Yesterday, Intel published a blog post celebrating the 40th birthday of the 8086, which was the first x86 processor. But after the company boasted about the innovations that it's brought to the platform over the last four decades, it made what sounds like a veiled threat toward anyone emulating its technology without its permission.
Intel carefully protects its x86 innovations, and we do not widely license others to use them. Over the past 30 years, Intel has vigilantly enforced its intellectual property rights against infringement by third-party microprocessors. One of the earliest examples, was Intel’s enforcement of its seminal “Crawford ’338 Patent.” In the early days of our microprocessor business, Intel needed to enforce its patent rights against various companies including United Microelectronics Corporation, Advanced Micro Devices, Cyrix Corporation, Chips and Technologies, Via Technologies, and, most recently, Transmeta Corporation. Enforcement actions have been unnecessary in recent years because other companies have respected Intel’s intellectual property rights.
However, there have been reports that some companies may try to emulate Intel’s proprietary x86 ISA without Intel’s authorization. Emulation is not a new technology, and Transmeta was notably the last company to claim to have produced a compatible x86 processor using emulation (“code morphing”) techniques. Intel enforced patents relating to SIMD instruction set enhancements against Transmeta’s x86 implementation even though it used emulation. In any event, Transmeta was not commercially successful, and it exited the microprocessor business 10 years ago.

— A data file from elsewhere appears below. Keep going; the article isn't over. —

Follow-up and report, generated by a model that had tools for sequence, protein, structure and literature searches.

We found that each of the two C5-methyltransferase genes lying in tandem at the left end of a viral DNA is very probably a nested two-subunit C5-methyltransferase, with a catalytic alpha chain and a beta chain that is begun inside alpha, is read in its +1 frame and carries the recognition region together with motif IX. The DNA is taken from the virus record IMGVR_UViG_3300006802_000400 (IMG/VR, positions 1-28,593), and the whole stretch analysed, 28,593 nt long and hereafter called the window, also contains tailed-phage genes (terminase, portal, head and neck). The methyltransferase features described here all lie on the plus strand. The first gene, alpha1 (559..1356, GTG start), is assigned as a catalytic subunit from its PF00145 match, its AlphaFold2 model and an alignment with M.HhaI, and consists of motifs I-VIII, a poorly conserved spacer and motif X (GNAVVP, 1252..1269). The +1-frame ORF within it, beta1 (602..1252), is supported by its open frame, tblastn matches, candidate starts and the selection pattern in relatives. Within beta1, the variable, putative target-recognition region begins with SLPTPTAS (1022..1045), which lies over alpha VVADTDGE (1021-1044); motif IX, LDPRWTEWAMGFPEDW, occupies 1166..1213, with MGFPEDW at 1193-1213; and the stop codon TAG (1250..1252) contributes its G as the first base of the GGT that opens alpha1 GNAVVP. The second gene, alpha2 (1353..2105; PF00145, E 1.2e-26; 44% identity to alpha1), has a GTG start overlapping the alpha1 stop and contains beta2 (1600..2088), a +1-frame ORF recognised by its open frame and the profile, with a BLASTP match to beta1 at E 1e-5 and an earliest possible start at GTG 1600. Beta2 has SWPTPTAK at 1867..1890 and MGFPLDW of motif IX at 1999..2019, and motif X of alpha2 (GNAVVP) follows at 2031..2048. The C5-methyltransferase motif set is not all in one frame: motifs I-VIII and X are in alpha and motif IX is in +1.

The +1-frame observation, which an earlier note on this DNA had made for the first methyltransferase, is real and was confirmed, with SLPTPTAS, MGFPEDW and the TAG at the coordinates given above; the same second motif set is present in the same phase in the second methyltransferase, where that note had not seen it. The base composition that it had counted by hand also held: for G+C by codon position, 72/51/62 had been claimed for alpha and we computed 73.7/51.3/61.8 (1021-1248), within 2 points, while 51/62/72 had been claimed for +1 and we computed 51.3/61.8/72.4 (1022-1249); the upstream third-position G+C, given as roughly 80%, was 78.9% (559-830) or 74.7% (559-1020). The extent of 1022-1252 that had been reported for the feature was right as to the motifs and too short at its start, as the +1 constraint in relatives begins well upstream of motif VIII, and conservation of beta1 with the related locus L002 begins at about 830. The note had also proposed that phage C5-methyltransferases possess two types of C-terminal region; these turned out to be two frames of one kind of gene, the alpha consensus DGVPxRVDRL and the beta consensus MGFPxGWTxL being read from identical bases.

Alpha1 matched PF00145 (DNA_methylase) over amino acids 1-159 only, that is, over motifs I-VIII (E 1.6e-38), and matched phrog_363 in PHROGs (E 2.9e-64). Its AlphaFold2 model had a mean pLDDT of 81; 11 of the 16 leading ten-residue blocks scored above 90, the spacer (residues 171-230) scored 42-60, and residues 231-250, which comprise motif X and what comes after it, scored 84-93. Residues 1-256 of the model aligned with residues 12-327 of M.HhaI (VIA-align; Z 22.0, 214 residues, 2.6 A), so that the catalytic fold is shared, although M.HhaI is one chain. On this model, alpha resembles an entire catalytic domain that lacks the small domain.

It goes on to say that "Intel welcomes lawful competition", but "we do not welcome unlawful infringement of our patents, and we fully expect other companies to continue to respect Intel’s intellectual property rights."
While Microsoft and Qualcomm aren't mentioned specifically by name, their Windows on ARM efforts are the most notable example of x86 emulation that's happening right now. With the project, Microsoft plans to bring full desktop applications to PCs that use ARM processors.
What's interesting is that if the statement is aimed at the two companies, as it appears to be, it means that Microsoft went so deep into developing the x86 emulation technology with Qualcomm without ever consulting Intel. It seems like quite the oversight if such a major part of Windows is built on top of proprietary technology from a third-party company.
Mary Jo Foley of ZDNet reached out to Intel to ask if the statement at Microsoft and Qualcomm, and received the following statement from Intel's executive vice president and general counsel Steve Rodgers:
Intel respects intellectual property rights and we expect others to do the same. x86 technology is both proprietary and central to our business, and we're concerned any time it appears that others may be copying it inappropriately. We will thoroughly evaluate any products that claim to emulate x86 technology, and vigorously enforce our intellectual property rights if we believe they are infringed.
Last week, Microsoft announced its 'Always Connected Windows 10 Mobile PCs' at Computex, and that the first ones will come from ASUS, HP, and Lenovo. With products ready to come to market within months, and the original announcement being last year, it's unclear why Intel would wait until now to say something, or why it would do so through a blog post, rather than taking action.
Microsoft and Qualcomm haven't issued any statements regarding this.